Of Foreign Lands and Peoples recreates the fancifulness with which a child may imagine places and people that belong to distant worlds of which he has only heard others speak, having no idea what they are really like. It is a fancifulness that softens outlines and stimulates the imagination towards images (ideas, intuitions) that are sometimes more truthful than reality. Something that only children and poets are capable of accomplishing.

A Curious Story explores the humour of children, who often laugh at insignificant aspects of the adult world. Here the story is made “curious” by the shift of stress onto the weak beats and by the halting rhythm.

Blind Man’s Buff evokes the giddy feeling of being chased, of running aimlessly, constantly changing direction and emotional state.

There is a similar uncertainty in Pleading Child. The youngster does not really know what to ask for but feels a need to want and obtain something that is not very clearly defined and therefore all the more attractive.

Happy Enough describes the (partial) satisfaction of that desire. Complete happiness is not a prerogative of childhood, but this sense of unsatisfaction is almost enough to make one happy.

An Important Event may represent the enactment of a solemn ceremony or the passing of a military parade. At any rate, it is something that arouses astonishment and wonder and that has an inexplicable, imperturbable je ne sais quoi which is what makes it so important.

Träumerei is the poetic pinnacle of the cycle. It is often referred to as “Dreaming”, but a more appropriate translation of the title would be “Vision”. Indeed, this might be an apparition of fairies, perhaps at dawn, glimpsed in a dim, glancing light. The child is not dreaming: the vision appears when he is awake, so that the magic (and silent wonder) is all the greater.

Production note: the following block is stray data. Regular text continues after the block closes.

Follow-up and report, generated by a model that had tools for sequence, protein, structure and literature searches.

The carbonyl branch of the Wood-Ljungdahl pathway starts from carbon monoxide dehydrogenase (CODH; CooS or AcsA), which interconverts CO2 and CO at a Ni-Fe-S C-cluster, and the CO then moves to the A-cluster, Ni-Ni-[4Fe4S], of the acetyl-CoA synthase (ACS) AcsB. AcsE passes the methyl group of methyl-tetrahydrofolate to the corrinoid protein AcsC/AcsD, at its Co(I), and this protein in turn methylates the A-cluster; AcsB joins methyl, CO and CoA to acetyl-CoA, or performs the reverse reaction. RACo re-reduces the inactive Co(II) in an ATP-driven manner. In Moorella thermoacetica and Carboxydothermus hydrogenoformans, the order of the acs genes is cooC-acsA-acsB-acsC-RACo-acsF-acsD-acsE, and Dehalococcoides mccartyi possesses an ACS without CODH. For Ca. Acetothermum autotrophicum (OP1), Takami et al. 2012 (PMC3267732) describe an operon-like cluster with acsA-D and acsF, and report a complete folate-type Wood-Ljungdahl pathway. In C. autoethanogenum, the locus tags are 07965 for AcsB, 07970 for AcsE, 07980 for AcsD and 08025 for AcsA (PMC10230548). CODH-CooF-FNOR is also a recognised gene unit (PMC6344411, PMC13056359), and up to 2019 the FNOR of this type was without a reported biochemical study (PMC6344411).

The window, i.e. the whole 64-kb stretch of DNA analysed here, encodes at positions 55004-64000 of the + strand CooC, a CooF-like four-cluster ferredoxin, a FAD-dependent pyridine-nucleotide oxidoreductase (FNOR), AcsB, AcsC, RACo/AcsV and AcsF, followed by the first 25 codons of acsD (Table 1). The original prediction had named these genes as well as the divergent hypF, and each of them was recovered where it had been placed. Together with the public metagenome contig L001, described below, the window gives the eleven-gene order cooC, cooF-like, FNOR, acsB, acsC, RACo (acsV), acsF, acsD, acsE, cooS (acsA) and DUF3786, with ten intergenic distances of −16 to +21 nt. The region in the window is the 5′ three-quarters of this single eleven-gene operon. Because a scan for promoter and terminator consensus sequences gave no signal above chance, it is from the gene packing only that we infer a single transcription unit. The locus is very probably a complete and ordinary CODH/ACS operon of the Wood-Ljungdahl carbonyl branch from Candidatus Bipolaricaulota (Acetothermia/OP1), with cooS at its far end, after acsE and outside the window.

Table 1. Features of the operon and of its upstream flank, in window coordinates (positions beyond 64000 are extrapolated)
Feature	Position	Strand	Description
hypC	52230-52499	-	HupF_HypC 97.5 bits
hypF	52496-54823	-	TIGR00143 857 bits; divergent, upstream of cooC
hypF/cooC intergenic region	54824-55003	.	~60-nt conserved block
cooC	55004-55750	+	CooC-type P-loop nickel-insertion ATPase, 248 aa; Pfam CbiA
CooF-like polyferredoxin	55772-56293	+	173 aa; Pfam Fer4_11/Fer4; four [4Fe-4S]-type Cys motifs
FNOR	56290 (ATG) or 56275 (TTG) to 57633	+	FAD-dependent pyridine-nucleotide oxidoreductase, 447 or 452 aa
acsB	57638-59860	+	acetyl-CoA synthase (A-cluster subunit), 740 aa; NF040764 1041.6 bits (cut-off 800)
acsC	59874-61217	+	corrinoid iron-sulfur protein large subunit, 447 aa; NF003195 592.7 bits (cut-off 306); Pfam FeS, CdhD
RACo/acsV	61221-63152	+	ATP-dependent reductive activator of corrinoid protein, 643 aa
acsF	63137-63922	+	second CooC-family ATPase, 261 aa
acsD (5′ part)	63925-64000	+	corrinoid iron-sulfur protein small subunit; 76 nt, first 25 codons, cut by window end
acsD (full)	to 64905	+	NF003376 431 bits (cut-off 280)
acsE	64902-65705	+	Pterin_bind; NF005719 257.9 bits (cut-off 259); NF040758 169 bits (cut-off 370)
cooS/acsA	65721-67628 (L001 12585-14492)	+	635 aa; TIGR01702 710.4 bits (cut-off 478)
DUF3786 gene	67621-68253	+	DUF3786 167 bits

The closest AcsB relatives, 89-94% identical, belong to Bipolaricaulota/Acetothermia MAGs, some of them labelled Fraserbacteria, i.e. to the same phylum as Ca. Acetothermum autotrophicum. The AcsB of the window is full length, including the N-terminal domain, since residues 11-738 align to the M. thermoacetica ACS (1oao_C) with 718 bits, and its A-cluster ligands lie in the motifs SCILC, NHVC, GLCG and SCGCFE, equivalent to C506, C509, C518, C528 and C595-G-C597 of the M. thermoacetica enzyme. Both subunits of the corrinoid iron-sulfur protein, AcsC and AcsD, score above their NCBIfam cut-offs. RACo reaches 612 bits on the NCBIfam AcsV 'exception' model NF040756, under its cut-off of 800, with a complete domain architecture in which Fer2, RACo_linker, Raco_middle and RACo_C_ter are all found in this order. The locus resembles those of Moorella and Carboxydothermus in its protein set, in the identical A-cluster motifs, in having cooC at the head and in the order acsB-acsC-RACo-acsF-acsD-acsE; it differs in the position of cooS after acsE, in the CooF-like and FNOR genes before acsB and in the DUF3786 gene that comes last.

At the Fireside returns to the harmonies and key of Träumerei, but in a completely new context. The tone is now more “domestic”, though there is a good deal of rhythmic displacement between the two hands and stress on weak beats. These features represent the exaggerated complexity with which the child often perceives reality, recreating it in his imagination and adding details of which adults are unaware.

Knight of the Hobby Horse brings back the giddy feeling of Blind Man’s Buff, but now in a steadier harmonic setting. There is no rest or respite until the abrupt ending.

Almost Too Serious explores the particular feeling of profound melancholy combined with anxiety and latent hope that often characterises the mood of a child. The frequent illogical pauses resound like the existential questions that are already creating profound divisions in the child’s personality.

In Frightening Schumann explores his memories of fear as a child. Not the fright that is expressed in shrieks but fear that is felt inside. Often not connected with real, identifiable things and therefore all the more disturbing and unpredictable.

Child Falling Asleep recreates the very gradual, almost imperceptible, transition from wakefulness to sleep (and dreams). A supremely poetic, visionary moment. When the child finally enters the dream state there is a shift from E minor to E major and the music soars up into the air. This is one of the very few pieces by Schumann (together with Pleading Child) that do not end with a tonic chord: instead it remains suspended on the subdominant. As if to say that the dream has no logical conclusion and does not develop in linear time.